Rabbanit tells senior girls: ‘We need you within the Torah world’

As holiday observances can change, so can roles and opportunities for women in Jewish practice, leader of Nishmat tells class


BP Photo by Jordana Glouberman.

Meeting during Period E in Room 304, Rabbanit Henkin said future leaders of Jewish learning would come from today’s talmidot, or female students of Torah.

‘In the 12th century, there was no holiday of Simchat Torah.

In the 14th century, it was celebrated in part by pre-bar-mitzvah-age children lighting bonfires from stolen parts of their sukkot — a minhag, or custom, which quickly faded out of practice.

And by the 16th century, Simchat Torah celebrations were similar to today’s.

Throughout all that time, there were no changes at all in the religious roles of Jewish women. But Rabbanit Chana Henkin, leader of the famed Nishmat women’s seminary in Israel, said that some specifics of women’s roles are minhag, too — and are changing now, in the 21st century.

Rabbanit Henkin, who spoke to the 12th-grade Advanced Tanakh class last Tuesday, said that today’s changes will be remembered and will shape the future.

“In another 200 years when someone’s delivering this shiur,” Rabbanit Henkin said, “and they’re looking at these points in which there were changes, they’re gonna say in the 12th century here’s what it was, and in the 14th century here’s what it moved on to, and in the 16th century here’s what it moved on to.

“And I think that person’s going to say that in the 21st century something happened, because there was a sociological change in Jewish life.”

A major advance in women’s Jewish learning in the late 20th century led to results that are being seen now, she said.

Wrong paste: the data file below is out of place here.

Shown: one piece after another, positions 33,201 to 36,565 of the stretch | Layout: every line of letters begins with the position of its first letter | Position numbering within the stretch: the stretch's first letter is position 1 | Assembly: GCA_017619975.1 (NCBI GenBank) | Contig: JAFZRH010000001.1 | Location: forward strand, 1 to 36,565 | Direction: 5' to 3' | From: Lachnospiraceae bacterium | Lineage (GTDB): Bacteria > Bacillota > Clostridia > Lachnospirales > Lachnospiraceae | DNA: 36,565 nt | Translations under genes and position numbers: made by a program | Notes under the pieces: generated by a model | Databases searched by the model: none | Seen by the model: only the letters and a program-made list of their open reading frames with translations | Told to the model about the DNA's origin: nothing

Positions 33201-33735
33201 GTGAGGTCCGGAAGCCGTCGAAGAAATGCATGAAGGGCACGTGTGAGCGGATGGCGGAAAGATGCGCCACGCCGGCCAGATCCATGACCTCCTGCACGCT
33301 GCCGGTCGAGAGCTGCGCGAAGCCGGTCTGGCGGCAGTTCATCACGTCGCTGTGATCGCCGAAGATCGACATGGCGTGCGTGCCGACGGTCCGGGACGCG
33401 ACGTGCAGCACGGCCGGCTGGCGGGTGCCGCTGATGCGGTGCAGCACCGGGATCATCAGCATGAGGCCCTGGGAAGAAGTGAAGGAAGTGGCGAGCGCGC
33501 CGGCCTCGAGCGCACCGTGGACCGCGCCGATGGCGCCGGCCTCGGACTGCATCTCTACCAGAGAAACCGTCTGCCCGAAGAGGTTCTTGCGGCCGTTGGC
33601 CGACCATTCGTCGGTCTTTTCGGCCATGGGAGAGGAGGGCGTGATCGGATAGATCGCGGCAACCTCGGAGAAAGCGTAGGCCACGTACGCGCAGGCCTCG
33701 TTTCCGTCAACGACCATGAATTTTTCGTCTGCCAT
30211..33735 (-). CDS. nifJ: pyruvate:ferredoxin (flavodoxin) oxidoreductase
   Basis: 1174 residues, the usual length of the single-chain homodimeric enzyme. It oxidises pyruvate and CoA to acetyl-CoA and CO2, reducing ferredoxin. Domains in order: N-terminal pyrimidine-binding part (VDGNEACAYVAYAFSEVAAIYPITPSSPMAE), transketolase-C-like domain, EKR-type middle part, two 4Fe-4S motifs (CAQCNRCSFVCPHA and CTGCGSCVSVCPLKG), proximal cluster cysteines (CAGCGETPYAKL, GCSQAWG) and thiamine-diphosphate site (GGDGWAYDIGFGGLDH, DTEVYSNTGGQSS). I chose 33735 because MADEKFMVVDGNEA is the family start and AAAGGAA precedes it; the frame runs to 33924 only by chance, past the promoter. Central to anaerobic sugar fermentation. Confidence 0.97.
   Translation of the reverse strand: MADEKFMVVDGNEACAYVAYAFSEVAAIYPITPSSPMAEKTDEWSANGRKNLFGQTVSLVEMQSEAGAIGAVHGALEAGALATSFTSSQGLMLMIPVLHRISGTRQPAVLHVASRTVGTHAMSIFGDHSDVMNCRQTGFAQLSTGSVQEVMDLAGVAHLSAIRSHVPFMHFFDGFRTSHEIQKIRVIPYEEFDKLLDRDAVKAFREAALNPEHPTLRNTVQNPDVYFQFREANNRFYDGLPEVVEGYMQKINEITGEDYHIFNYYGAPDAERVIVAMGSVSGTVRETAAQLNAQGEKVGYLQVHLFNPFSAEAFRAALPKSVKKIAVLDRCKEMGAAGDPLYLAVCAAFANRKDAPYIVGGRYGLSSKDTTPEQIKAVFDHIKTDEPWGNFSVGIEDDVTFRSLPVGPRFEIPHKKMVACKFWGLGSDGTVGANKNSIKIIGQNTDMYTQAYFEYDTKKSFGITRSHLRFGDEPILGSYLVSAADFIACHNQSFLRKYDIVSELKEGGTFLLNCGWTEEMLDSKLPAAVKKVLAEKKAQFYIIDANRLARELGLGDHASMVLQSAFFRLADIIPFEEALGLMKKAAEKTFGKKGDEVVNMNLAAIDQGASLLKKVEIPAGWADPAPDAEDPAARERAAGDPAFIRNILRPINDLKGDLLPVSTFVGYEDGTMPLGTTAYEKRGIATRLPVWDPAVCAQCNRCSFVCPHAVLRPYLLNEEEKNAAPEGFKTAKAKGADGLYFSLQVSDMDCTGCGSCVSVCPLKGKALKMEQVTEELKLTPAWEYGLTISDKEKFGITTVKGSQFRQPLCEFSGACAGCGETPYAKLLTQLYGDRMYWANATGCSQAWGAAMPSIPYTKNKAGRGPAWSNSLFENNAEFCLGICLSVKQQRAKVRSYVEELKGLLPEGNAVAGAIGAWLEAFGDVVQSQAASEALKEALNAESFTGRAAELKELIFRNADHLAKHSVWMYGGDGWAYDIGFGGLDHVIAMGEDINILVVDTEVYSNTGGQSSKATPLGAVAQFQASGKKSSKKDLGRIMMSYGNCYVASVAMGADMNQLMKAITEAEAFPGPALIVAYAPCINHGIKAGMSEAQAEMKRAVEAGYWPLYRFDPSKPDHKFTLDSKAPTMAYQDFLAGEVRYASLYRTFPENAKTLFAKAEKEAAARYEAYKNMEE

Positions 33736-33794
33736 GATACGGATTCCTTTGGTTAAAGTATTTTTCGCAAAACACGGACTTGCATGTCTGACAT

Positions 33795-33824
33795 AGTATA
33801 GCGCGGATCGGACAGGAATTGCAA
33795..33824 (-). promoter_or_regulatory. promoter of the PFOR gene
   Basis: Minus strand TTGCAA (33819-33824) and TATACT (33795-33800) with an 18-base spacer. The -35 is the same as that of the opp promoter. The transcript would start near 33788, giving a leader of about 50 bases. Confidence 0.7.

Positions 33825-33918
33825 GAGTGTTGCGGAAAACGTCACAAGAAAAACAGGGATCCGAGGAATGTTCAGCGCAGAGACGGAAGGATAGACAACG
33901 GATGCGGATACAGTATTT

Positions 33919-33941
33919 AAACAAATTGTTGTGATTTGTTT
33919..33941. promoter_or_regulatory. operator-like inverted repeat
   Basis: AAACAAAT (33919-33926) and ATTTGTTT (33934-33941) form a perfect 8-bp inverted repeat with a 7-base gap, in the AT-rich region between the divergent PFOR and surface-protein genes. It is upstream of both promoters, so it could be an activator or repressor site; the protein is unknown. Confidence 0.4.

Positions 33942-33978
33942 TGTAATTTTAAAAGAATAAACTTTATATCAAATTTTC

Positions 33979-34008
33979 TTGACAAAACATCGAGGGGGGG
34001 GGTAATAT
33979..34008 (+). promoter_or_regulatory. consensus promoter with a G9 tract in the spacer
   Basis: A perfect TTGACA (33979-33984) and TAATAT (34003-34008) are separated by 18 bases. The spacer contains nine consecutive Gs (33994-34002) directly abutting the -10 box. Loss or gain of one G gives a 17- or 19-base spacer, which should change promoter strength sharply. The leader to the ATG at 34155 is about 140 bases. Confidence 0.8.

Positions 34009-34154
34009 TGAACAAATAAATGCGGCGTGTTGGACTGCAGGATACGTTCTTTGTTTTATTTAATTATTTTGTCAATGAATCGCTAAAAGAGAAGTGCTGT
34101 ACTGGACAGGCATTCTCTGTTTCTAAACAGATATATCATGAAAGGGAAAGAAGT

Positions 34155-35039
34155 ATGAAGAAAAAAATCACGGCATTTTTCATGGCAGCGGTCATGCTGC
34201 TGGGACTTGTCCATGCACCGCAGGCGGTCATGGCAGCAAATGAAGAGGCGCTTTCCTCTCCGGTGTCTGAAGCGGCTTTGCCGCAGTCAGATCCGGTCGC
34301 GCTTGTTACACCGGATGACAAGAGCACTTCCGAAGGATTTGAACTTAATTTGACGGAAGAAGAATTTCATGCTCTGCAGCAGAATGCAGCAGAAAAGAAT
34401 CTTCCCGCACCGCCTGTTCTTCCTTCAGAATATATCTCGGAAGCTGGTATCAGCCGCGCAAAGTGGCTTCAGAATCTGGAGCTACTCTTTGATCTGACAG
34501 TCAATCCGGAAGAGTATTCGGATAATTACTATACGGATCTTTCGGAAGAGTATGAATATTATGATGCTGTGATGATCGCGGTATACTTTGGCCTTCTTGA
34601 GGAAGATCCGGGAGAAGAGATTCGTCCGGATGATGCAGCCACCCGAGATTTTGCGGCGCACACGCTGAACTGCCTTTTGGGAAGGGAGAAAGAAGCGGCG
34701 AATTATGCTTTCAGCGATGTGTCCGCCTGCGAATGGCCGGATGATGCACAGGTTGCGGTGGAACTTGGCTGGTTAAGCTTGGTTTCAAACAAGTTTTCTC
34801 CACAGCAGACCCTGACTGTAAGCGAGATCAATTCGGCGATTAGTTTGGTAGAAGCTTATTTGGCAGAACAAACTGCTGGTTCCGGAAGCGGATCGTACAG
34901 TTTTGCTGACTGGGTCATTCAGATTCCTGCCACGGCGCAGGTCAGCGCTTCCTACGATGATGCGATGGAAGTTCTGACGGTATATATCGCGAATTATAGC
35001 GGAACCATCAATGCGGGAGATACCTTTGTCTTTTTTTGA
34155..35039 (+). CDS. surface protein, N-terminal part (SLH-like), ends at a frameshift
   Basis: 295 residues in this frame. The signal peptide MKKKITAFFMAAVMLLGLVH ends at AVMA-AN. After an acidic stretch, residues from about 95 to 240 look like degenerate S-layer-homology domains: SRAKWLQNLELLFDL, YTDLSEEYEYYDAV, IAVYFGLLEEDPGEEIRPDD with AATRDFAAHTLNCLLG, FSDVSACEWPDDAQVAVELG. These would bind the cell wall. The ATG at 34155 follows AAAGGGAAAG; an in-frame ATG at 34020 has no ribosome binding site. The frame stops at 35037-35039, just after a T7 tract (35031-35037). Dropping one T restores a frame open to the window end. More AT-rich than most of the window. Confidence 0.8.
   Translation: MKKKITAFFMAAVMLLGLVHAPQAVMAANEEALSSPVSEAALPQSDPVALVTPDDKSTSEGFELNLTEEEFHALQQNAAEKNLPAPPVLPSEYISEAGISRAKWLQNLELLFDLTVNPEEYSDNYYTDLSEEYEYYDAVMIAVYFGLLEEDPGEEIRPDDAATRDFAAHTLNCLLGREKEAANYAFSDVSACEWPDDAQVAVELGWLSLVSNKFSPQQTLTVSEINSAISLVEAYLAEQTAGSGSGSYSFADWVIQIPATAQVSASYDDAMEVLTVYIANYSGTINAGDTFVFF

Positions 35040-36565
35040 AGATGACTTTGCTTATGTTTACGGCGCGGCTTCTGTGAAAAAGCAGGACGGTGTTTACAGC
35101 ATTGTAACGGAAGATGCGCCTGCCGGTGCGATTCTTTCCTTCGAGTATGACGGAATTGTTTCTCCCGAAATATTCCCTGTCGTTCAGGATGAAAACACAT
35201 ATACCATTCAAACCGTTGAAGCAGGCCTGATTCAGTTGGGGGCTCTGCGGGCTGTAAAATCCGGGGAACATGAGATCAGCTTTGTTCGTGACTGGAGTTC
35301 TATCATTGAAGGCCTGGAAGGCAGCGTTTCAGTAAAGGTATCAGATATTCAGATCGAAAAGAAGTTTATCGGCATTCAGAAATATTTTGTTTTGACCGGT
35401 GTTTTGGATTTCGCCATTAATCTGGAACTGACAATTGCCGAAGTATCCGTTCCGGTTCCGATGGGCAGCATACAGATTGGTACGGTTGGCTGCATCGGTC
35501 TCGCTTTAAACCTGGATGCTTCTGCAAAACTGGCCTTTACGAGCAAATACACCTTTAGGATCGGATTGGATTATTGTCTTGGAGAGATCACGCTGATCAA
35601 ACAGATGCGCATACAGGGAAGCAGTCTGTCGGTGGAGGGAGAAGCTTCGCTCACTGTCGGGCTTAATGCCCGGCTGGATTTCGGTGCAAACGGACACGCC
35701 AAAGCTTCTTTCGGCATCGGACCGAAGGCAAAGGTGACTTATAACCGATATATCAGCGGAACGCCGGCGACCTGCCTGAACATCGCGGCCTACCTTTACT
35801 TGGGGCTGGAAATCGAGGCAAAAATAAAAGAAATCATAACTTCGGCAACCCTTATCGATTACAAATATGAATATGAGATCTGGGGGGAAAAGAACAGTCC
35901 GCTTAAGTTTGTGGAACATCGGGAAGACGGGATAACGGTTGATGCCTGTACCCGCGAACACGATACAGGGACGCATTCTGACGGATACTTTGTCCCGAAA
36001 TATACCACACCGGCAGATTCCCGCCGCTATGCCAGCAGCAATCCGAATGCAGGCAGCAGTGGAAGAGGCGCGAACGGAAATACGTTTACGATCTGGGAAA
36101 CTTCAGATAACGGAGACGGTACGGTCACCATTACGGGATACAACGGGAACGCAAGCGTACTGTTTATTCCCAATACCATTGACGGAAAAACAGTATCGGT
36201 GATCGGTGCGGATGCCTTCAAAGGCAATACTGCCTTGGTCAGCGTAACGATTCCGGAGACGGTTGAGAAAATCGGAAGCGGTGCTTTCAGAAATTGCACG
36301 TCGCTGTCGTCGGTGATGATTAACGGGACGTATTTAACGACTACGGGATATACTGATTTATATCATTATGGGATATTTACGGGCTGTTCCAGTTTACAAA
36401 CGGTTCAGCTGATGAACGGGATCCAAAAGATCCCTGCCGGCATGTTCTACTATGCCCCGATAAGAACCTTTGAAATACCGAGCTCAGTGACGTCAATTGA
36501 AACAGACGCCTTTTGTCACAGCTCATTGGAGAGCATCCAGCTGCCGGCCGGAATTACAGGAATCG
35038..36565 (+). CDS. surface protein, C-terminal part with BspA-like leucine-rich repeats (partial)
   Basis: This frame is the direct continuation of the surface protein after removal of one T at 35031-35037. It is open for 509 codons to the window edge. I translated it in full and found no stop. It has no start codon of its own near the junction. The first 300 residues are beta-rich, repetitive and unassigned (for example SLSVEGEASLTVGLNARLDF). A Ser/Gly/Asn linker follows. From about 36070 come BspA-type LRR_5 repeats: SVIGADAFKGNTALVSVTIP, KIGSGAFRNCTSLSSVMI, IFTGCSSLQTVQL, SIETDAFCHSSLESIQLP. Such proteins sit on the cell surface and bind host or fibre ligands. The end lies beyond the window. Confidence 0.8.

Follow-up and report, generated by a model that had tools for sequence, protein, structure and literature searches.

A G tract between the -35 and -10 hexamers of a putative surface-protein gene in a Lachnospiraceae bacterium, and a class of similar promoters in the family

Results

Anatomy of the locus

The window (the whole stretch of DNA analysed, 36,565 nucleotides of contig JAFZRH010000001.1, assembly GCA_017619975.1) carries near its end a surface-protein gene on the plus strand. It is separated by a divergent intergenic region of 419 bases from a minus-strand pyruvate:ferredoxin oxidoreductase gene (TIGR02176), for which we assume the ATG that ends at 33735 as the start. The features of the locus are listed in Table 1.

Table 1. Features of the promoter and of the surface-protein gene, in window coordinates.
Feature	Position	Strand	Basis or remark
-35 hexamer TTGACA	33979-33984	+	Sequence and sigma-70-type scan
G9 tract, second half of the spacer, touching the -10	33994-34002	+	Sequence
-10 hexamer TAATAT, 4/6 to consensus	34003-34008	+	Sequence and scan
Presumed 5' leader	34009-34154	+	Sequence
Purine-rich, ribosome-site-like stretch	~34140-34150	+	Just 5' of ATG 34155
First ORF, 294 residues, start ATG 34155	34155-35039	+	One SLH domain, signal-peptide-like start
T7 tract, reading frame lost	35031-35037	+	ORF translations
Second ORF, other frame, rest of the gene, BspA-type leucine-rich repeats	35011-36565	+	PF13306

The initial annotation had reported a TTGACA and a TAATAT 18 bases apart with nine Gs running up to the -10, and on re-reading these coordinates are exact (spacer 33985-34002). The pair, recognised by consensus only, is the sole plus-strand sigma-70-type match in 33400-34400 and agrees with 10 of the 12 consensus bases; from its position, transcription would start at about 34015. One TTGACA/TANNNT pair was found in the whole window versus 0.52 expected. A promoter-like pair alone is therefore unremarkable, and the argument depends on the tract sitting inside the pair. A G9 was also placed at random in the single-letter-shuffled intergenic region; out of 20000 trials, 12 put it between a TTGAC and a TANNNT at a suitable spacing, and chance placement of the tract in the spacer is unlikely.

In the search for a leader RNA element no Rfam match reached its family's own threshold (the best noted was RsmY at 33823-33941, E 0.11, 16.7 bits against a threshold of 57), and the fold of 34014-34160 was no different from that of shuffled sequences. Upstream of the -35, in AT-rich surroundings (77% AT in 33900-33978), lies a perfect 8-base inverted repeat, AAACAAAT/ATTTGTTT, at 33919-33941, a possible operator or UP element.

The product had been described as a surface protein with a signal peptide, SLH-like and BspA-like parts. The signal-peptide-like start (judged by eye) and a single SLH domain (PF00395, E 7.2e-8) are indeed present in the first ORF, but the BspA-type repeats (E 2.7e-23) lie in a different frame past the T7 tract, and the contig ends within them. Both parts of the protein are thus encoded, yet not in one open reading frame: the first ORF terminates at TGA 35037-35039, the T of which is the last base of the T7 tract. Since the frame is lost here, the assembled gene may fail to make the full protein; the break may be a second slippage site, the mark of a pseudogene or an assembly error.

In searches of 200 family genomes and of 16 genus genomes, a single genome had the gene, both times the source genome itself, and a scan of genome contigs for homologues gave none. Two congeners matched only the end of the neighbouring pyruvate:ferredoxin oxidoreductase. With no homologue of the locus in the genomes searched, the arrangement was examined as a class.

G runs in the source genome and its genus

Why now?

“Because women began getting advanced Torah education,” she said, “and because women began saying, I don’t want a role in which I am a spectator, I want to feel a part of this, this holiday belongs no less to me.”

In preparing students for Rabbanit Henkin’s visit, Yoetzet Halacha Atara Segal described her as one of the top three most impactful women in Orthodox Judaism today.  About 30 students were present for the talk during Block E in Room 304.

Nishmat, located in Jerusalem, is best known for creating and developing the role of the yoetzet halacha, or Jewish legal adviser, which trains women to answer the most advanced halachic questions about health- and marital-related Jewish observance. This means observant women can ask a trained woman about these issues, instead of having to visit an Orthodox rabbi.

But it also offers a gap year program, shorter programs for non-Israelis, and institutes for post-IDF and national service Israeli women and Israelis of Ethiopian descent.

Yoetzet Segal, who completed her training at Nishmat last summer,.said Rabbanit Henkin was visiting the U.S. to discuss the program, teach courses to U.S.-based students enrolled in it, and visit area Orthodox high schools, where she encouraged female students to take their Jewish roles seriously. 

“Here’s what I want to say to the young women sitting here,” Rabbanit Henkin said. “I want to tell you that we need you. We need you within the Torah world.”

Rabbanit Henkin told the class that she’d found the potential for a progression in women’s roles in studying the fluidity of ancient minhag. Another example was a 14th-century custom of singing songs over Sifrei Torah.

“Each place according to its own minhag,” she said. “Do you know why it was so important for me to read this?” Rabbanit Henkin asked her audience of 30. “It’s important to see that customs change within Jewish life, that things change within Jewish life.”